Heart - Inflammation
comment:Inflammation in the heart may occur in the myocardium, endocardium, or epicardium or may be associated with the valves. Inflammation of the myocardium must be differentiated from cardiomyopathy. Cardiomyopathy occurs more often within the myocardium and is composed of more mixed infiltrates, ultimately progressing to mononuclear cells. Inflammatory lesions not associated with cardiomyopathy may be composed of more homogeneous populations of cells, such as neutrophils, and may be located more along the endocardial and epicardial surfaces of the heart, though this is not always the case.
Valvular inflammation commonly refers to an inflammatory lesion of the heart valves. The diagnostic features include the presence of vegetative plaques composed of mixed inflammatory cells including neutrophils in a matrix of fibrin that may also contain colonies of bacteria. Hemorrhage may be present in the underlying valvular stroma, and reactive hyperplasia may be present in the adjacent endothelium or underlying stromal cells. Valvular endocarditis may be an incidental finding. Lesions may be consistent with sepsis, and other organs should be examined for evidence of septicemia.
In NTP studies, there are five standard categories of inflammation: acute, suppurative, chronic, chronic-active, and granulomatous. In acute inflammation, the predominant infiltrating cell is the neutrophil, though fewer macrophages and lymphocytes may also be present ( Figure 1 ). There may also be evidence of edema or hyperemia. The neutrophil is also the predominant infiltrating cell type in suppurative inflammation; however, in suppurative inflammation the neutrophils are aggregated, and many of them are degenerate (suppurative exudate). Cell debris, from both the resident cell populations and infiltrating leukocytes; proteinaceous fluid containing fibrin; fewer macrophages and occasional lymphocytes or plasma cells; and, possibly, an infectious agent may also be present within the exudate. Grossly, these lesions would be characterized by the presence of pus ( Figure 2 and Figure 3 ). In the tissue surrounding the exudate, there may be fibroblasts, fibrous connective tissue, and mixed inflammatory cells, depending on the chronicity of the lesions. Lymphocytes predominate in chronic inflammation ( Figure 4 , Figure 5 , and Figure 6 ). Lymphocytes also predominate in chronic-active inflammation, but there are also a significant number of neutrophils ( Figure 7 and Figure 8 ). Both suppurative and chronic-active inflammation may contain macrophages. Granulomatous inflammation is another form of chronic inflammation, but this diagnosis requires the presence of a significant number of aggregated, large, activated macrophages, epithelioid macrophages, or multinucleated giant cells. Inflammation is differentiated from cellular infiltrates by the presence of other changes, such as edema, hemorrhage, degeneration, necrosis, or other evidence of tissue damage.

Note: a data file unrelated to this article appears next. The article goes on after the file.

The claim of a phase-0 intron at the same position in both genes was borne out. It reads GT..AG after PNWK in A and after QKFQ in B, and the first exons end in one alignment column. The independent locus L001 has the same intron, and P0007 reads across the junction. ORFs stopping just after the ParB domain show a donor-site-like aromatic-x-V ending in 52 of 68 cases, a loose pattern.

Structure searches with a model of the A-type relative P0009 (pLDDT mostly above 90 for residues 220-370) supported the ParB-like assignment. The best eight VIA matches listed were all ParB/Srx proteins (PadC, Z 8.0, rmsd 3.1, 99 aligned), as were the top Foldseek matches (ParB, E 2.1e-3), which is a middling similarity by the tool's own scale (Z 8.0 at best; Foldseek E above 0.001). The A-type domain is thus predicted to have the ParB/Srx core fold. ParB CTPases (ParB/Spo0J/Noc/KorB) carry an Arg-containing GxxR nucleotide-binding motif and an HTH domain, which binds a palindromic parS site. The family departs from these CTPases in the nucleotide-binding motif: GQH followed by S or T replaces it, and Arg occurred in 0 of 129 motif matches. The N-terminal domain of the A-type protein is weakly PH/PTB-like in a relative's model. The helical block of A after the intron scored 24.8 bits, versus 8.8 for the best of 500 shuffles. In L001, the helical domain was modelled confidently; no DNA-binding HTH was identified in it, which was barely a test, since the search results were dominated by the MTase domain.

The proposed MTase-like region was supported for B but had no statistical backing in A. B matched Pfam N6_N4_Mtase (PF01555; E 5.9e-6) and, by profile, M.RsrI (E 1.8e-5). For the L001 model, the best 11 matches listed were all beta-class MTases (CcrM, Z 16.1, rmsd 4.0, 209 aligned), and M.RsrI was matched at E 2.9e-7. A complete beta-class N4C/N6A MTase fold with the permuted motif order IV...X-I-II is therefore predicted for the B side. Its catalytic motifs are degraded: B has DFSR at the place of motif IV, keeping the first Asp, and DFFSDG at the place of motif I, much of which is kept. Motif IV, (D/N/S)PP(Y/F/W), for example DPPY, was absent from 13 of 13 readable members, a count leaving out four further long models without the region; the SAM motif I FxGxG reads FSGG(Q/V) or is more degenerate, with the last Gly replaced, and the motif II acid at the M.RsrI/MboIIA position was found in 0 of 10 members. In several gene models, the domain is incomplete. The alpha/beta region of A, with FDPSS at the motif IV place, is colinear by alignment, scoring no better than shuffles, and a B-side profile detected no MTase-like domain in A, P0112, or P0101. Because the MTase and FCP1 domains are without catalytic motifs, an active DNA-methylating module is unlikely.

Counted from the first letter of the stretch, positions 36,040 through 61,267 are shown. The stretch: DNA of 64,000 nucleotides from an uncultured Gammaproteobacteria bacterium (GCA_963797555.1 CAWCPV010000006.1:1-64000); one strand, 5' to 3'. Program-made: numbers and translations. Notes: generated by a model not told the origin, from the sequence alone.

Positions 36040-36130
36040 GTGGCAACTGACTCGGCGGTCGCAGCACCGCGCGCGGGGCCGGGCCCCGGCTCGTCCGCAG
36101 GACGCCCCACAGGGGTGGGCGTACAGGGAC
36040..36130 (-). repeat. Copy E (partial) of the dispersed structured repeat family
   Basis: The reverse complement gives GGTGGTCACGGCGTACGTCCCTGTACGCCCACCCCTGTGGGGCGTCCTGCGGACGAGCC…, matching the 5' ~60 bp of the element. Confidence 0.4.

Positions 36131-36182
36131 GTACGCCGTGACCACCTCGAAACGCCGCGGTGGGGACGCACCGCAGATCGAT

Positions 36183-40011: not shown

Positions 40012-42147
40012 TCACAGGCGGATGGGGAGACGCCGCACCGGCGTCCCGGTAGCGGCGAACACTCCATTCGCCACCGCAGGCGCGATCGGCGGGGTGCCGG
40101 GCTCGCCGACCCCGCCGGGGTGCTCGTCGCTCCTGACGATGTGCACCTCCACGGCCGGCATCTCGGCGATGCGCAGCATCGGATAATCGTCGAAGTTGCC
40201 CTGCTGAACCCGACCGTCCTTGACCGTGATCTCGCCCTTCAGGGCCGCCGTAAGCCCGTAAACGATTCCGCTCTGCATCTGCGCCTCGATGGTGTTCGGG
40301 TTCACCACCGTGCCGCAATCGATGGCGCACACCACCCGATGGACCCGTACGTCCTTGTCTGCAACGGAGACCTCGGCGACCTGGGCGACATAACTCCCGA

recommendation:Inflammation in the heart should be recorded when present, and the subsite (e.g., valve, epicardium, endocardium) should be added as a site modifier. The type of inflammation (e.g., suppurative, chronic, chronic-active) should also be included as qualifier. Severity grades should be included based on the extent of the lesion. Secondary lesions, such as necrosis, edema, and hemorrhage, should not be diagnosed separately unless warranted by severity. If the inflammation is secondary to another lesion (e.g., necrosis), the primary lesion should be diagnosed and the inflammation described in the pathology narrative, unless the inflammation is severe enough, in the pathologist’s opinion, to warrant a separate diagnosis.
Wachtman LM, Browning MD, Bedja D, Pin S, Gabrielson KL. 2006. Validation of the use of long-term indwelling jugular catheters in a rat model of cardiotoxicity. J Am Assoc Lab Anim Sci 45(5):55-64. Abstract: https://www.ncbi.nlm.nih.gov/pubmed/16995648
Web page last updated on: April 06, 2017